“Do not attach yourself to any particular creed exclusively, so that you may disbelieve all the rest; otherwise you will lose much good, nay, you will fail to recognize the truth of the matter.”
It’s not often that I fully agree with strength and conditioning coach Mike Boyle (here’s one example) — but then again, I don’t fully follow any single coach’s path, preferring, instead, to blaze my own n=1 trail. On the subject of the back squat, however, I have to give the man his due; I believe he is spot on in his critique of the exercise and with his assertion that most trainees would be better off (subsequent to building a solid, base level of squatting strength) migrating from the back squat to the various forms of split squats, especially the rear foot elevated split squat. And I would add to this, variations of the high-box step-up.
A Rear Foot Elevated Split Squat (RFESS)…Huh?
Just so we’re all on the same page, here an example of the RFESS:
…and the step-up:
Why would I champion the idea of most trainees phasing out the back squat in preference to split squat variations and step-ups? Well, a couple of reasons. To begin with, most all athletic endeavors, as well as life itself, requires lower-body strength in a unilateral environment. A second reason is that most trainees will fail in the squat, not due to leg failure, but due to lower back failure; quite simply, the lower back cannot support the load required to push the legs, in a bilateral environment, to failure. Ah, you say — so would the leg press be a better option? Well, in some trainees it might be, but for the most part I’d rather work in the real-world of an unstable environment.
Built for Traditional Squats?
Check out my little whiteboard sketch below. Really, this is no more than a statement of the obvious — if a load is teetering on a narrow base, and if that load must be pushed a greater distance and if the load/lever combination is at a mechanical disadvantage with respect to gravity — well, you get the picture…What all this boils down to, in my experience and my empirical evidence, is a simple waist/inseam ratio. The lesser the ratio, the lesser the benefit a trainee will realize from conventional back squatting, and the sooner in his lifting career he probably ought to transition to a unilateral environment.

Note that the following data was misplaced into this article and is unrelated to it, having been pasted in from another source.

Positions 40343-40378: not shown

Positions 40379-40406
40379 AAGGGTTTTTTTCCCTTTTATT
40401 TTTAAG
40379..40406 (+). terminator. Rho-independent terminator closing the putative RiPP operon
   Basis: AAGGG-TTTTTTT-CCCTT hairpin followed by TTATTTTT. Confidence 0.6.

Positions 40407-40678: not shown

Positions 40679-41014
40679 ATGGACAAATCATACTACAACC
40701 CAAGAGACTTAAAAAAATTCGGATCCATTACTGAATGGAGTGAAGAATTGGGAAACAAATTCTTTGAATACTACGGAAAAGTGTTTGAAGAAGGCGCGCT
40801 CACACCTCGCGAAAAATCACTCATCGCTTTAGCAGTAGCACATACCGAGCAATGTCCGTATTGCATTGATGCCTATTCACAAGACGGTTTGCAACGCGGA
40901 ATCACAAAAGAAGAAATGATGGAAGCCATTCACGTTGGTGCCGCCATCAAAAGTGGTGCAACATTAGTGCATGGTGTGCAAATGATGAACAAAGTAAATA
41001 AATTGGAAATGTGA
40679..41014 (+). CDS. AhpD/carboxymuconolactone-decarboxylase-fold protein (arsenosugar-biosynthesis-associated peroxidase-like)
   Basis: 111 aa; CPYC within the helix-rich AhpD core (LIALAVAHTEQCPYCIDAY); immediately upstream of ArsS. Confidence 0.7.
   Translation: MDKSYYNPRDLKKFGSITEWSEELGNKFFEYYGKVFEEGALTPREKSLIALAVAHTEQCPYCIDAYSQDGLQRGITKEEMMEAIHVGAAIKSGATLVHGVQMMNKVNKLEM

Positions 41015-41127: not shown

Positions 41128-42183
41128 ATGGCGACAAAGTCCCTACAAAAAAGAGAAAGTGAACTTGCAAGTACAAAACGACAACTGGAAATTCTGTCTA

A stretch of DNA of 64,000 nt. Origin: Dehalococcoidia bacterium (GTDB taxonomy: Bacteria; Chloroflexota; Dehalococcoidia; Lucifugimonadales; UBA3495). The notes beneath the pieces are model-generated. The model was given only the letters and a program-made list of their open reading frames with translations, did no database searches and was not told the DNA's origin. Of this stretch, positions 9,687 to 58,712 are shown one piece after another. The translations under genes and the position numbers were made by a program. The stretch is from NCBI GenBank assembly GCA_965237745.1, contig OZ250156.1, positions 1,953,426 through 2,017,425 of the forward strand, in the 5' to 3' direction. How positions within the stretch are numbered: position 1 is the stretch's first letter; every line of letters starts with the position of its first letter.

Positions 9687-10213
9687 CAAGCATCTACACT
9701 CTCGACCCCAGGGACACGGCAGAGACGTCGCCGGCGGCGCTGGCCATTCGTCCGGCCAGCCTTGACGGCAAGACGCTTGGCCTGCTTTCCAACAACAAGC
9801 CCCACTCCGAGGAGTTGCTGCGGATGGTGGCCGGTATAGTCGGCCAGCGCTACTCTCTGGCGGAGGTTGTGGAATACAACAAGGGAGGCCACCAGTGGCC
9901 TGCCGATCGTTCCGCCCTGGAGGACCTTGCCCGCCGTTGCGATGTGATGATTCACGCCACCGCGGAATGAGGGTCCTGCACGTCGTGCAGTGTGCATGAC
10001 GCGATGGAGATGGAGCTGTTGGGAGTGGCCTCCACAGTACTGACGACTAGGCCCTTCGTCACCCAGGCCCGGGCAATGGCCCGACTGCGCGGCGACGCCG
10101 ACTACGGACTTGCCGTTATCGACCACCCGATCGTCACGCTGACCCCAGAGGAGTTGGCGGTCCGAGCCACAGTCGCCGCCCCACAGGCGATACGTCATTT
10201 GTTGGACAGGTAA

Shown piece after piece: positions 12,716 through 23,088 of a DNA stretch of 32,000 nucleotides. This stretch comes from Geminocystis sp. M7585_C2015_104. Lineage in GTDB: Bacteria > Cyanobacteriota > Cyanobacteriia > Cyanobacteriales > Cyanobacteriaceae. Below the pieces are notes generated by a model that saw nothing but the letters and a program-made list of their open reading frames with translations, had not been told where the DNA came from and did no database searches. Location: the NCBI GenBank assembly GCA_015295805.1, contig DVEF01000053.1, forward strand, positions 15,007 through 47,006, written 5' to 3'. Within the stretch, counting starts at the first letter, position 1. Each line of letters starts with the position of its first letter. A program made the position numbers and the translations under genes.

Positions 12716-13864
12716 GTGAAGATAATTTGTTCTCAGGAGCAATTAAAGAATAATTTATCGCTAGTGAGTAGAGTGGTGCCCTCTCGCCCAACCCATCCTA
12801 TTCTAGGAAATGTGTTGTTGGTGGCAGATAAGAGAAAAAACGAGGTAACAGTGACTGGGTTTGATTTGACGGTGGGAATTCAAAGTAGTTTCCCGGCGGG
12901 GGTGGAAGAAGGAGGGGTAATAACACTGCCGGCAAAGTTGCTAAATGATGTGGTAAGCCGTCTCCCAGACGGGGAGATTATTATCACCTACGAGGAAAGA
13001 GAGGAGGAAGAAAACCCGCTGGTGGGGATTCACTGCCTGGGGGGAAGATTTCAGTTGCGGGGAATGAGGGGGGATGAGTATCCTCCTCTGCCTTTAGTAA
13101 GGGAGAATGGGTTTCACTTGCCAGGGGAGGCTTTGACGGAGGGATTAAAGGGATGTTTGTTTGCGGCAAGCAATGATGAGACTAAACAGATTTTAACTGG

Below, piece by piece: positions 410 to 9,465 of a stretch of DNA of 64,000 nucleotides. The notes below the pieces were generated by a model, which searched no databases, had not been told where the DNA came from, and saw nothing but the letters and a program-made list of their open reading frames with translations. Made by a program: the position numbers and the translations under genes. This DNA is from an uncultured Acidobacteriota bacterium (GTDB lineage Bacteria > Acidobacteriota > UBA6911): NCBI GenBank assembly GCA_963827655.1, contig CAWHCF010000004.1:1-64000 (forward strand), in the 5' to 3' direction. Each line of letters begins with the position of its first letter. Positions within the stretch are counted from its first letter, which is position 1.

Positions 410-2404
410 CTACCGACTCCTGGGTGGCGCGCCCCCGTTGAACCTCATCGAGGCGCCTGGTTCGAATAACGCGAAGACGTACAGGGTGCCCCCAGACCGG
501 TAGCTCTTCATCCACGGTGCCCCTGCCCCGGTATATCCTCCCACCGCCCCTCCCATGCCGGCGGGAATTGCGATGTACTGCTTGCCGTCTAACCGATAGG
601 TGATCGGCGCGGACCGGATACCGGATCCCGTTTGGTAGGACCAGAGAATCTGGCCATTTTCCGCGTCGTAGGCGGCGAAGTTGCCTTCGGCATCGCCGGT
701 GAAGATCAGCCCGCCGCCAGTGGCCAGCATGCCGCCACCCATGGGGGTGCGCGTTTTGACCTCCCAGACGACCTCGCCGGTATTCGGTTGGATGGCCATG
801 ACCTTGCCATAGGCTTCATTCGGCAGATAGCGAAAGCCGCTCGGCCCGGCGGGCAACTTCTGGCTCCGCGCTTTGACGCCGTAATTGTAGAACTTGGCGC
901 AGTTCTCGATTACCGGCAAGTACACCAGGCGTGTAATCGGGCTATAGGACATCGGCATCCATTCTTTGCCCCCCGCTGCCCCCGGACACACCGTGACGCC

Personally, I have a hell of a time trying to fully tax my legs in a full back squat with a 33-inch waist sitting high atop a 35-inch inseam. But here are a couple of other interesting pieces of the puzzle that I’ve yet to get a handle on: (1) power generation out of the jump squat, and (2) glute/hamstring contribution, and how that figures into the mix. Notice that at a 33-inch waist and 40-inches around the hips, I do carry quite a bit of junk in the trunk. Now follow me here just for a moment, while I “think” aloud: (1) When I fail in the squat, it’s never “in the hole”, where the glutes are fully engaged — it’s about midway up, where that lower back lever is at its worst mechanical advantage, and where glute activation has been (relatively) removed from the picture, (2) I can wreck my Dachshund-built, squatting-machine brethren in the high step up, which is mostly a glute-driven exercise (see this TMuscle article), and (3) I can’t prove this, but I would be willing to bet that I can also generate more power from (and posses a greater power/bw ratio) in the jump squat than my Dachshund-built, squatting-machine brethren. My point with all of this? The notion of “training what you suck at” — which I agree with, to a point — must not be followed blindly, but must be leveraged against what stands to make the athlete a better athlete, or the mere mortal, better at life.
So that’s my take on the matter. For what it’s worth, the vast majority of my bilateral squatting (which is pretty infrequent, when compared to my unilateral work) is done as a front squat — I’ve just always felt like I reaped more benefit out of this movement as compared to the back squat. You can check out coach Boyle’s reasoning for moving away from the bilateral squat, in a pair of TMuscle articles, this one from 2007, and most recently, here. And you can see a clip of coach Boyle discussing the matter here, as a plug for his Functional Strength Coach 3.0 video series, and you can check out his blog posts on the subject, here.
Remember, as always, the real answer to this question can only be answered by an objective survey of your own n=1 results as they relate to your goals. Don’t be afraid, though, to test, tinker and adjust. Remember, to, that there are no failures, only feedback.